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O'day Still In Tune And Demand

August 28, 1987|THOMAS K. ARNOLD

ENCINITAS — When Anita O'Day accompanied Woody Herman's big band on a two-week swing through Europe last May, the fact that the great bandleader himself was absent due to illness didn't dim audience enthusiasm nearly as much as the veteran jazz singer had feared.

"As soon as we walked out on stage at each concert we played, we told everybody, 'Woody's not with us, but here are the tunes,' " O'Day recalled. "And wouldn't you know it, the people screamed just the same.

"Nothing seemed to matter to them, except the music itself. That's what people remember, more than the names."

Indeed. At a time when many of the big bands of the 1930s, '40s and '50s are suddenly finding themselves leaderless, their music is enjoying a dramatic resurgence in popularity throughout the world.

And as one of the greatest vocal interpreters of that music still performing today, O'Day, 67, is as much in demand on the concert trail now as she was a generation ago, when she scored hit after hit with her versions of such Swing Era classics as "I Can't Get Started," "A Nightingale Sang in Berkeley Square" and "Body and Soul."

"Five years ago, I thought it was corny to go back and sing all the old stuff," said O'Day, whose appearances tonight and Saturday at the Bella Via nightclub in Cardiff closes the club's monthlong "Tribute to the Women of Jazz and Blues" series.

"But now, from the reactions I've been getting, I think it's great," she said. "It's all coming back."

It certainly is. In the United States alone, more than 200 radio stations with "nostalgia" formats play nothing but Swing Era music. And surviving big bands once fronted by the likes of such deceased giants as Count Basie, Buddy Rich and Benny Goodman regularly play to packed houses whenever they go on tour, both here and abroad.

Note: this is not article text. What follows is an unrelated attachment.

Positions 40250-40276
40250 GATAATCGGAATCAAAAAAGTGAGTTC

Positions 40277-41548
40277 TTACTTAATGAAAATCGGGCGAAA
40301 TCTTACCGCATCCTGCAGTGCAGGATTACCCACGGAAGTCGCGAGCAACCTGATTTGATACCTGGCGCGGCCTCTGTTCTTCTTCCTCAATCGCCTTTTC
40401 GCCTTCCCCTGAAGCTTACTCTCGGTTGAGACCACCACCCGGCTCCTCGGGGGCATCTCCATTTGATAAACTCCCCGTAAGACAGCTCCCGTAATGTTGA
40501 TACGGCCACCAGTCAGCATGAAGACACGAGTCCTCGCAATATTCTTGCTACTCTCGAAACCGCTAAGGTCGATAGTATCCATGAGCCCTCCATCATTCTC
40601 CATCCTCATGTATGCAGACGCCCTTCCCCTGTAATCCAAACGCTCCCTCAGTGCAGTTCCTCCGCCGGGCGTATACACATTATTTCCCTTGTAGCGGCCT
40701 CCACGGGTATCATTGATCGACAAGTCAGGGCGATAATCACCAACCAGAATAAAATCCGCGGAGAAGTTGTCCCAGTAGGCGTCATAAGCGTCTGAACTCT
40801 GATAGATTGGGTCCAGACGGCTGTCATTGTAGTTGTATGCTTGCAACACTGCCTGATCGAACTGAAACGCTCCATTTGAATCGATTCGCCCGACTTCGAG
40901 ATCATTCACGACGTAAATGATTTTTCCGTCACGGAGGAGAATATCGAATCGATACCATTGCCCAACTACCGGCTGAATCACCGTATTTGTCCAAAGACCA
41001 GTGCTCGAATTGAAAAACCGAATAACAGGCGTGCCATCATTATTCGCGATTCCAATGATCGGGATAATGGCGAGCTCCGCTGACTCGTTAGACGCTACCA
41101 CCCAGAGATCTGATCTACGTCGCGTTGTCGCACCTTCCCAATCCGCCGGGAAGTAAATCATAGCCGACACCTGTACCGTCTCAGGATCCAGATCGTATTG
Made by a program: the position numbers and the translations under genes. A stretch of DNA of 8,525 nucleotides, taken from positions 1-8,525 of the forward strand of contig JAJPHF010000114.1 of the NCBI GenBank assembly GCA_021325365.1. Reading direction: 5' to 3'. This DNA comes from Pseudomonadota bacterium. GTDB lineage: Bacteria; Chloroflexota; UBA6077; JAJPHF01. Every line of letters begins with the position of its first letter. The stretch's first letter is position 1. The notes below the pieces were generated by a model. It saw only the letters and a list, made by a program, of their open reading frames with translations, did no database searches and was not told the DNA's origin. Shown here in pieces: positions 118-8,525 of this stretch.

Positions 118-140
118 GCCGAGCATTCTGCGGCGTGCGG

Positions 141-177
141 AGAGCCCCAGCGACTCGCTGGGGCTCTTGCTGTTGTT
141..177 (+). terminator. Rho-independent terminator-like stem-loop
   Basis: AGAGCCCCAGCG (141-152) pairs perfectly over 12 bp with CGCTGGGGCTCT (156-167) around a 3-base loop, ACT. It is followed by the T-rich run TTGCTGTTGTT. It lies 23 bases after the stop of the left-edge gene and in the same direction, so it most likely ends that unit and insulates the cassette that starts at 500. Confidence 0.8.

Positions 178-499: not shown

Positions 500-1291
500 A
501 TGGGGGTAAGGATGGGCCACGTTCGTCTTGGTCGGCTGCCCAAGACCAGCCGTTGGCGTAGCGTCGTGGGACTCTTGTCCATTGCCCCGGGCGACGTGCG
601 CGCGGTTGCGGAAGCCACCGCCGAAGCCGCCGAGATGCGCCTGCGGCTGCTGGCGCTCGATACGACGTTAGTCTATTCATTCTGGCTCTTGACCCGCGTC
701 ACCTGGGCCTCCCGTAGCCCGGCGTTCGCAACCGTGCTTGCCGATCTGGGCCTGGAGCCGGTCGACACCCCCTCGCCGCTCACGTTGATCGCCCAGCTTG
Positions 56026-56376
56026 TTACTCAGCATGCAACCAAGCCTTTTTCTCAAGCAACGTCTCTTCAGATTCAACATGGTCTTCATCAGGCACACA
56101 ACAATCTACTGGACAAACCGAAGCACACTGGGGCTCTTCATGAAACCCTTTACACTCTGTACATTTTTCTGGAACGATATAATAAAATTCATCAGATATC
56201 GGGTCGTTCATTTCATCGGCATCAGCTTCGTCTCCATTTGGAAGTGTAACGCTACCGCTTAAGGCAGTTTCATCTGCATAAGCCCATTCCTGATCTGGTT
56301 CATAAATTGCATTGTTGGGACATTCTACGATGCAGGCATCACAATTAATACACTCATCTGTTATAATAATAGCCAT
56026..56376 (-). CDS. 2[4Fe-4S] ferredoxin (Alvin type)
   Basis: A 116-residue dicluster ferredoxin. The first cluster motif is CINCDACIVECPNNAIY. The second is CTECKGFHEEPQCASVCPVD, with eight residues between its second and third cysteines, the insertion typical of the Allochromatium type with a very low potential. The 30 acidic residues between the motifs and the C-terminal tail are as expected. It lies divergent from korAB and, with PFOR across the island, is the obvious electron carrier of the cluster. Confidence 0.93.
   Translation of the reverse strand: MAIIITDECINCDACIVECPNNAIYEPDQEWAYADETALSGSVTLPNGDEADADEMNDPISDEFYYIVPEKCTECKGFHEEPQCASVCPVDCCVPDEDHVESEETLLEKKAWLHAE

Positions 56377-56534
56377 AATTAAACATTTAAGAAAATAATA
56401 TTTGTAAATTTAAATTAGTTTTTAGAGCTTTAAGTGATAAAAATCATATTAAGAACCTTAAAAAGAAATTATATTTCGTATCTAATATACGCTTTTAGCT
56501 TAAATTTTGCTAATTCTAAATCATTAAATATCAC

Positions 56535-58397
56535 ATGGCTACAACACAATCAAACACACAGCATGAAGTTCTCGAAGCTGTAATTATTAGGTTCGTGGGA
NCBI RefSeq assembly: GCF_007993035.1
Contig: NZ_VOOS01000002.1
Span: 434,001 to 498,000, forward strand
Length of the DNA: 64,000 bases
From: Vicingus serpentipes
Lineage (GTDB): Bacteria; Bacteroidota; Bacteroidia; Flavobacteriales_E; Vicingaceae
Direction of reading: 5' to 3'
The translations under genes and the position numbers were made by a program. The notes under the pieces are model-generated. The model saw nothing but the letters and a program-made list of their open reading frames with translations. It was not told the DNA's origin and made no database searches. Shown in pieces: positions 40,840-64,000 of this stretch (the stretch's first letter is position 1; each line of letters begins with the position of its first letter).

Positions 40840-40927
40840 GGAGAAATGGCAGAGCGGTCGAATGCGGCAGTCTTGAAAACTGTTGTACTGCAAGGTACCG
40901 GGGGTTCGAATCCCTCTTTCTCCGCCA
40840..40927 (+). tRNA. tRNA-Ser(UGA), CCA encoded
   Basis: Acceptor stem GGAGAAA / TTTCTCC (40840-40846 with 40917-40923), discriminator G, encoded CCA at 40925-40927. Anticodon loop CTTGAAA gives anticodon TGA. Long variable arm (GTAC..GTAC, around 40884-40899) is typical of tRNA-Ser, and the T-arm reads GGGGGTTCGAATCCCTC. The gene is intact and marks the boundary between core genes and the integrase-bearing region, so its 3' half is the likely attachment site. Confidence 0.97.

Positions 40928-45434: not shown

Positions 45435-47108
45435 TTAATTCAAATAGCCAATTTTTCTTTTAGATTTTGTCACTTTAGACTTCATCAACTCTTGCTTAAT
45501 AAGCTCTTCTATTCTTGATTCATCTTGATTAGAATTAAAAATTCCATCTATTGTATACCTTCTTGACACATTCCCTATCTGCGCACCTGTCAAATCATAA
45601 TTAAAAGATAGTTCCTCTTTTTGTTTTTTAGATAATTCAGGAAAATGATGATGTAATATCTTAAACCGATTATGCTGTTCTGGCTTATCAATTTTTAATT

O'Day's own touring schedule keeps her on the road at least six months a year. In larger concert halls, she sings with big bands like those of Herman or Rich; in smaller nightclubs, such as the Bella Via, she's backed by a jazz quartet.

"They're both great, they both have their place, and they both give me the opportunity to improvise vocally," O'Day said. "With the big bands, however, my singing is a bit more patterned; I sing more quarter notes.

"But with the quartet, I have even more freedom to improvise, which is really the essence of jazz. In pop and country-Western, you pretty much stay with the melody while the band plays behind you.

"In jazz, though, you improvise on the chord structure and interpret the song your way. So there's the fun, you see--improvising is a game, and it's a game I've always enjoyed playing."

O'Day first learned the rules of that game in the 1940s, when she recorded and toured with the Gene Krupa and Stan Kenton big bands.

When the Swing Era drew to a close in the early 1950s, O'Day changed her tune--but not her tunes. She began working with quartets but continued to apply her improvisational talents to the same songs as before. Timeless big-band chestnuts like "Skylark" and "Her Tears Flowed Like Wine" still dominate her concert repertoire.

Over the years, critics have acclaimed O'Day as "the world's greatest jazz singer," "the world's purest jazz singer" and "the world's most natural jazz singer."

But to O'Day herself, she's merely a "survivor" with no immediate plans for retirement.

"I'm just a working girl, and as I've done all my life, I take jobs as they come," she said. "My career is all I've got--I don't have any children, and I don't have a husband, so I just hang out with my gigs."

At last count, O'Day said, she's released about 500 records--more than she has room for in the tiny mobile home she shares with her pet dog in an Orange County park.

"I've recorded so many songs that I don't even have them all," she said. "I hang on to a few, and then if somebody comes over and wants to hear one I don't have, I go out and buy it."

Her latest offering, though, is one she's particularly proud of: a live album recorded in February, 1986, at Ronnie Scott's, a jazz nightclub in London. The album was released this month, as a compact disc, on the Waltham Films label.

"In the past, I've put out records, cassettes, videos and even a book," O'Day said with a laugh. "But this is my first compact disc.

"How about that? I guess if you stay in this business long enough, eventually you get it all."

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